Just Energy Transition Partnerships (JETPs) are a new plurilateral structure for accelerating the phase-out of fossil fuels. These intergovernmental partnerships coordinate financial resources and technical assistance from countries in the Global North to a recipient country to help it in this regard. To date, JETPs have targeted emerging economies that produce and consume coal on a large scale.
The terms “just” and “partnership” are central. The use of “just” underlines that the energy transition must be implemented in an equitable and inclusive manner with regard to its social consequences. In affected populations and sectors, retraining and alternative business models not based on fossil fuels are to be created for this purpose. The use of “partnership” emphasizes that these agreements are tailored to the needs of the recipient country and that local decision-makers are actively involved.
The first JETP for South Africa, worth about $8.5 billion, was announced at COP26. Two more were announced for 2022: $15.5 billion for Vietnam and $20 billion for Indonesia. In 2023, €2.5 billion were pledged for a JETP with Senegal. In addition, there have been proposals for JETPs for other countries. To date, JETPs are primarily funded by France, Germany, the United Kingdom, the United States, and the European Union, but development banks and a range of other international actors are also involved. Financing combines public and private grants, loans, and investments.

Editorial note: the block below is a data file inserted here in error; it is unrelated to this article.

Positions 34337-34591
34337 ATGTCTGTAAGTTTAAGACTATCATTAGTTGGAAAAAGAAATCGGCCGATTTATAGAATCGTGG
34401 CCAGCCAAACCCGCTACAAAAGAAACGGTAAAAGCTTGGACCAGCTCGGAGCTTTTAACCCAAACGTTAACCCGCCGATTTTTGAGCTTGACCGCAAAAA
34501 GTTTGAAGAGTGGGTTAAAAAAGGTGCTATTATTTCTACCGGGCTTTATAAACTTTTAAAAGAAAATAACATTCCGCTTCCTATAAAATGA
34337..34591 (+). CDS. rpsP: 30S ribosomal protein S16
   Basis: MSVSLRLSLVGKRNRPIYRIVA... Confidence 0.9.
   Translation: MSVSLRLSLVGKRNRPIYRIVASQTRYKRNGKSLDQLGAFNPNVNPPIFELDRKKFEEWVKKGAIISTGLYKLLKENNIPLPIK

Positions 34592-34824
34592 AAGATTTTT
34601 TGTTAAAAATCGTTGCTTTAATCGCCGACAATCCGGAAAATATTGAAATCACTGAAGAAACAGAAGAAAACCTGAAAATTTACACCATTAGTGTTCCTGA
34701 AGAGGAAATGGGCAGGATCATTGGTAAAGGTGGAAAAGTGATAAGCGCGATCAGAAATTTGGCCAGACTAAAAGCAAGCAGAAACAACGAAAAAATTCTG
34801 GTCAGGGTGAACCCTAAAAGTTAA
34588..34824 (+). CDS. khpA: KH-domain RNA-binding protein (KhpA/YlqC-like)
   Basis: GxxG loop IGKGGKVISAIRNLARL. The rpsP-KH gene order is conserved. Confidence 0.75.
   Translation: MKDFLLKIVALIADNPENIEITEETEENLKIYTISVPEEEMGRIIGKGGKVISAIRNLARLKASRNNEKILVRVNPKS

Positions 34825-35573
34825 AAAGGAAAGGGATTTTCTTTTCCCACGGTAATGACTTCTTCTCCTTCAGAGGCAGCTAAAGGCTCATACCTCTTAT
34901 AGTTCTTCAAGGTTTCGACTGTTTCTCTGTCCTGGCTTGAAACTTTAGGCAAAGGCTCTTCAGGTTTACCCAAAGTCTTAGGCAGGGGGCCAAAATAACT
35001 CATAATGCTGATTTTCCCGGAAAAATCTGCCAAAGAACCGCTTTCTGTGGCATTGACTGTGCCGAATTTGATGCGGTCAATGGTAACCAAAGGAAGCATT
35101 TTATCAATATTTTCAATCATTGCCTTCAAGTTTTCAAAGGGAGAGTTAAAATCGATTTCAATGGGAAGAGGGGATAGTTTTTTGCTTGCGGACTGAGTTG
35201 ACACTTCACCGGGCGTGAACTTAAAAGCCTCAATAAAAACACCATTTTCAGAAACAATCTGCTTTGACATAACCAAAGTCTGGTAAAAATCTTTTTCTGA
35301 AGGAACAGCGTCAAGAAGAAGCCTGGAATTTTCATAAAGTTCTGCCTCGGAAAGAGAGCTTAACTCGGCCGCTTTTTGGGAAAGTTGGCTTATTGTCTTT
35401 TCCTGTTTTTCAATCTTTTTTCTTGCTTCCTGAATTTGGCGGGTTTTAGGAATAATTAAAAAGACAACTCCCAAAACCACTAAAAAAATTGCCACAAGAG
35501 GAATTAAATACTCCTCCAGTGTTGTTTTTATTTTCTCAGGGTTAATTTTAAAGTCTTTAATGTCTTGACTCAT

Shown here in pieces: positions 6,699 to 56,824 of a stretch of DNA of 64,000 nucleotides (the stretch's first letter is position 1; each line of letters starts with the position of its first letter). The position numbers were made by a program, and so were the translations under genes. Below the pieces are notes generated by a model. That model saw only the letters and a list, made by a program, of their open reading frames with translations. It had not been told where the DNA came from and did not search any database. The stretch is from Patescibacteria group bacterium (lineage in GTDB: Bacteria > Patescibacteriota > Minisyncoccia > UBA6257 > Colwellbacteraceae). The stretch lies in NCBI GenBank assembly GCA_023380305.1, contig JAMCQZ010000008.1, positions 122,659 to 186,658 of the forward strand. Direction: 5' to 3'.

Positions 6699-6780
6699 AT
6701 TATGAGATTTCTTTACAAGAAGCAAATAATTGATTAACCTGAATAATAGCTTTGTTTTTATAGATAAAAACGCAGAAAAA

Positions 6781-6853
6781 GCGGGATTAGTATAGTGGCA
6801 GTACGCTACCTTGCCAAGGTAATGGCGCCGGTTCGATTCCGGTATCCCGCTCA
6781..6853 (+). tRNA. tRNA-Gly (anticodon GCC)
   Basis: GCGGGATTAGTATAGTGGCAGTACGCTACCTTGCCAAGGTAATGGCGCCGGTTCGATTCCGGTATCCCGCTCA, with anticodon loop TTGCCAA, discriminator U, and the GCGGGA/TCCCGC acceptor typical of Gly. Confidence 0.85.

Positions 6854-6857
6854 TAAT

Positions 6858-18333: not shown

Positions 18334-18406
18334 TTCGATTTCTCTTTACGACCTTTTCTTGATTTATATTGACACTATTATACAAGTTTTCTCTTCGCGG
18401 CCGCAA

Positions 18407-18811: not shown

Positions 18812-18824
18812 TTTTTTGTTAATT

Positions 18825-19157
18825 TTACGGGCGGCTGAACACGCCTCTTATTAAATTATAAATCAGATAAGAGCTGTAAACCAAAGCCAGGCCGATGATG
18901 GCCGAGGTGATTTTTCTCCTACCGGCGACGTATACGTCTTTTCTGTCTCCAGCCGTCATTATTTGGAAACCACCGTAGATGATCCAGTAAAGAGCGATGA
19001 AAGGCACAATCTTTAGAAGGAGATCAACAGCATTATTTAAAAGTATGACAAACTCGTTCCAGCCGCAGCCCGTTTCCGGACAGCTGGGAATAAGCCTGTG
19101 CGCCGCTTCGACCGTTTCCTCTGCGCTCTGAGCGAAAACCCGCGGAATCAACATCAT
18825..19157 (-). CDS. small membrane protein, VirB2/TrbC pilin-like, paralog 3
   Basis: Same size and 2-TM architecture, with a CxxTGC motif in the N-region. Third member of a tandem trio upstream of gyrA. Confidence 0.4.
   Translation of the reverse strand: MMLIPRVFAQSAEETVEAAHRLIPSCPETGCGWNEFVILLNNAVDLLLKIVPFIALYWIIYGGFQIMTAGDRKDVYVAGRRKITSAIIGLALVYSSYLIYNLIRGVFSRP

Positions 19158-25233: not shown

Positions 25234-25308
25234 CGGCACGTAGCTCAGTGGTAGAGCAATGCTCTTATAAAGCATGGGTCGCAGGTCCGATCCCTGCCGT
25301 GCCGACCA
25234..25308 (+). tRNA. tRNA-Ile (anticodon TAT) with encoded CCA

Countries with large coal industries and long-term economic growth potential are particularly eligible for JETPs. The financing of renewable energy infrastructure enables an earlier coal phase-out. This should prevent further fossil fuel expansion and avoid future emissions. These agreements can also help fulfill the Global North’s promise to mobilize $100 billion in annual climate finance while creating a green investment alternative to China’s Belt and Road Initiative.